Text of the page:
The author says the administration’s refusal to comply with congressional requests and even subpoenas “go beyond standard practice and have turned into a full block-and-tackle exercise against congressional investigators across an array of Trump administration controversies.”

On the president’s actions with Ukraine, now the heart of the impeachment inquiry, the author writes that the idea Trump was trying to battle corruption abroad – rather than gain some partisan political advantage at home – was “barely believable to anyone around him.”

But the book provides no significant new information or insights into that episode.

‘Get Out of Jail Free’ cards

The author’s agent, Matt Latimer, said the author didn’t take an advance payment for the book and plans to donate a substantial amount of the royalties to nonprofit organizations that encourage government accountability and an independent press.

Among other allegations, the book says:

  • Several top advisers and Cabinet-level officials last year discussed a mass resignation, “a midnight self-massacre,” intended to call attention to what they saw as Trump’s questionable and even corrupt behavior. “The idea was abandoned out of fear that it would make a bad situation worse.”
  • If a majority of the Cabinet called for Trump’s removal under the rules of the 25th Amendment, Pence would have been willing to go along with them. But the author provides no evidence to back up that assertion, and Pence in recent days has strongly denied it.
  • Trump told officials that, if they took illegal actions on his behalf, he would give them presidential pardons. “To Donald Trump, these are unlimited ‘Get Out of Jail Free’ cards on a Monopoly board.”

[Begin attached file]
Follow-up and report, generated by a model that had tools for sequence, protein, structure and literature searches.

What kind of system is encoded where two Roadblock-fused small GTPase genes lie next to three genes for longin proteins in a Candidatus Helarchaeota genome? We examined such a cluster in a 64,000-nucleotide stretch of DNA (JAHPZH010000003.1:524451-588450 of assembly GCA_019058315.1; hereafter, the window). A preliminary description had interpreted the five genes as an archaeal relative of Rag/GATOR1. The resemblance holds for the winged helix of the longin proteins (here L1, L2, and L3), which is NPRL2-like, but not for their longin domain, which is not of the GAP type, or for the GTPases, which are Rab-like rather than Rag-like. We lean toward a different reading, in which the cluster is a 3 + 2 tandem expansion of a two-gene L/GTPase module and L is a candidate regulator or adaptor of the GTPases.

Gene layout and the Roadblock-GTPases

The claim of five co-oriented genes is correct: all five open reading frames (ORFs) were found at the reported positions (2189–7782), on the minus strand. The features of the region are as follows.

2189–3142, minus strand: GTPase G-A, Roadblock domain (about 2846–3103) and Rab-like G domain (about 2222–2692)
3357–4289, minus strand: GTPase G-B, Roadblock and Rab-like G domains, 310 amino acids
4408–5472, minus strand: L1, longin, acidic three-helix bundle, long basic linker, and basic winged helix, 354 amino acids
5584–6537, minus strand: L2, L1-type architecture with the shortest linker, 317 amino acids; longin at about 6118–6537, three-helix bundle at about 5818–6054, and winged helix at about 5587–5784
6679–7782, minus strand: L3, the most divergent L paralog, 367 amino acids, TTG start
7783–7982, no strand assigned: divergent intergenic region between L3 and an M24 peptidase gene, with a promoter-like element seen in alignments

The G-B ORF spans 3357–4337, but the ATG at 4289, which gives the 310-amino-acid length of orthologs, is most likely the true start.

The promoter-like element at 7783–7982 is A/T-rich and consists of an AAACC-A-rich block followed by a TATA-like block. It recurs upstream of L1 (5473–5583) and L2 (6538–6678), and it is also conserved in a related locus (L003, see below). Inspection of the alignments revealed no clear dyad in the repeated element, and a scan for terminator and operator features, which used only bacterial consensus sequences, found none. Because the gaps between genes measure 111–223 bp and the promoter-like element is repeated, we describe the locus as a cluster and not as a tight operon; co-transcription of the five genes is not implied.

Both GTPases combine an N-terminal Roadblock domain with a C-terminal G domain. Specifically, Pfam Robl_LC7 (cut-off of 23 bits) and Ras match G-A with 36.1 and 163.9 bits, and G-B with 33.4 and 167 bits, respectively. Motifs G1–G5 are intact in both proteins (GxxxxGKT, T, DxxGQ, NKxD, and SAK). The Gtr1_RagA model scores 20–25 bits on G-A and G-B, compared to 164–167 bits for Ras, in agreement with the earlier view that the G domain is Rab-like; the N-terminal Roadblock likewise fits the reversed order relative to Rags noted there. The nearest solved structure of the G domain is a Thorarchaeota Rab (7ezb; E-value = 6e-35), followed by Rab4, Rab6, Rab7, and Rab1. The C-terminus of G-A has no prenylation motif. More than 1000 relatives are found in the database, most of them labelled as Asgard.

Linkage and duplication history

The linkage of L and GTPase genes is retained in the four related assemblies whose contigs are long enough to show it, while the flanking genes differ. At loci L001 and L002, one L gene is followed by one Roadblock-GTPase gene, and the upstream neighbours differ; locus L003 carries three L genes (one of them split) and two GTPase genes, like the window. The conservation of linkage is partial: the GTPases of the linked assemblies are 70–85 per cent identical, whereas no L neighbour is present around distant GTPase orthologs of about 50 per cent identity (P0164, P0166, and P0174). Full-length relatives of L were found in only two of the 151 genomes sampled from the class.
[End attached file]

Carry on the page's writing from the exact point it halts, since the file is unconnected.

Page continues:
• Trump was “particularly frustrated that the Justice Department hasn’t done more to harass the Clintons.” The president suggested to his first Attorney General, Jeff Sessions, that he might “un-recuse” himself from the Mueller inquiry into Russian election interference, presumably so he would feel free to order a more aggressive inquiry into Trump’s 2016 opponent. “You’d be a hero,” the president told him.

Ukraine ambassador William Taylor’s testimony backs Senate Republicans into a corner

(THIS ARTICLE IS COURTESY OF THE WASHINGTON EXAMINER)

 

Ukraine ambassador William Taylor’s testimony backs Senate Republicans into a corner

William Taylor, the U.S. ambassador to Ukraine, admitted in a closed-door hearing before Congress today that he had been acting under the impression that there was indeed a quid pro quo between President Trump and Ukrainian President Volodymyr Zelensky.

This is bad news for Trump, and even worse for the Senate Republicans who will undoubtedly be forced to take a side when the Democrats’ impeachment proceedings move to the Senate for a trial.

Taylor’s opening statement, obtained by the Washington Post, confirms that the U.S. planned to withhold military and financial aid from Ukraine if the country didn’t assist the U.S. in its investigations into 2016 election interference. This might not be great diplomacy, but it isn’t illegal — the investigation into election interference is a legitimate government operation which, due to its nature, is somewhat dependent on foreign cooperation.

Forcing Ukraine to investigate Trump’s political rival, however, is another matter entirely, and one that lies at the center of Taylor’s testimony. At question here is a conversation Taylor had in September with Gordon Sondland, the United States’ envoy to the European Union. “As I said on the phone,” Taylor said in September, “I think it’s crazy to withhold security assistance for help with a political campaign.”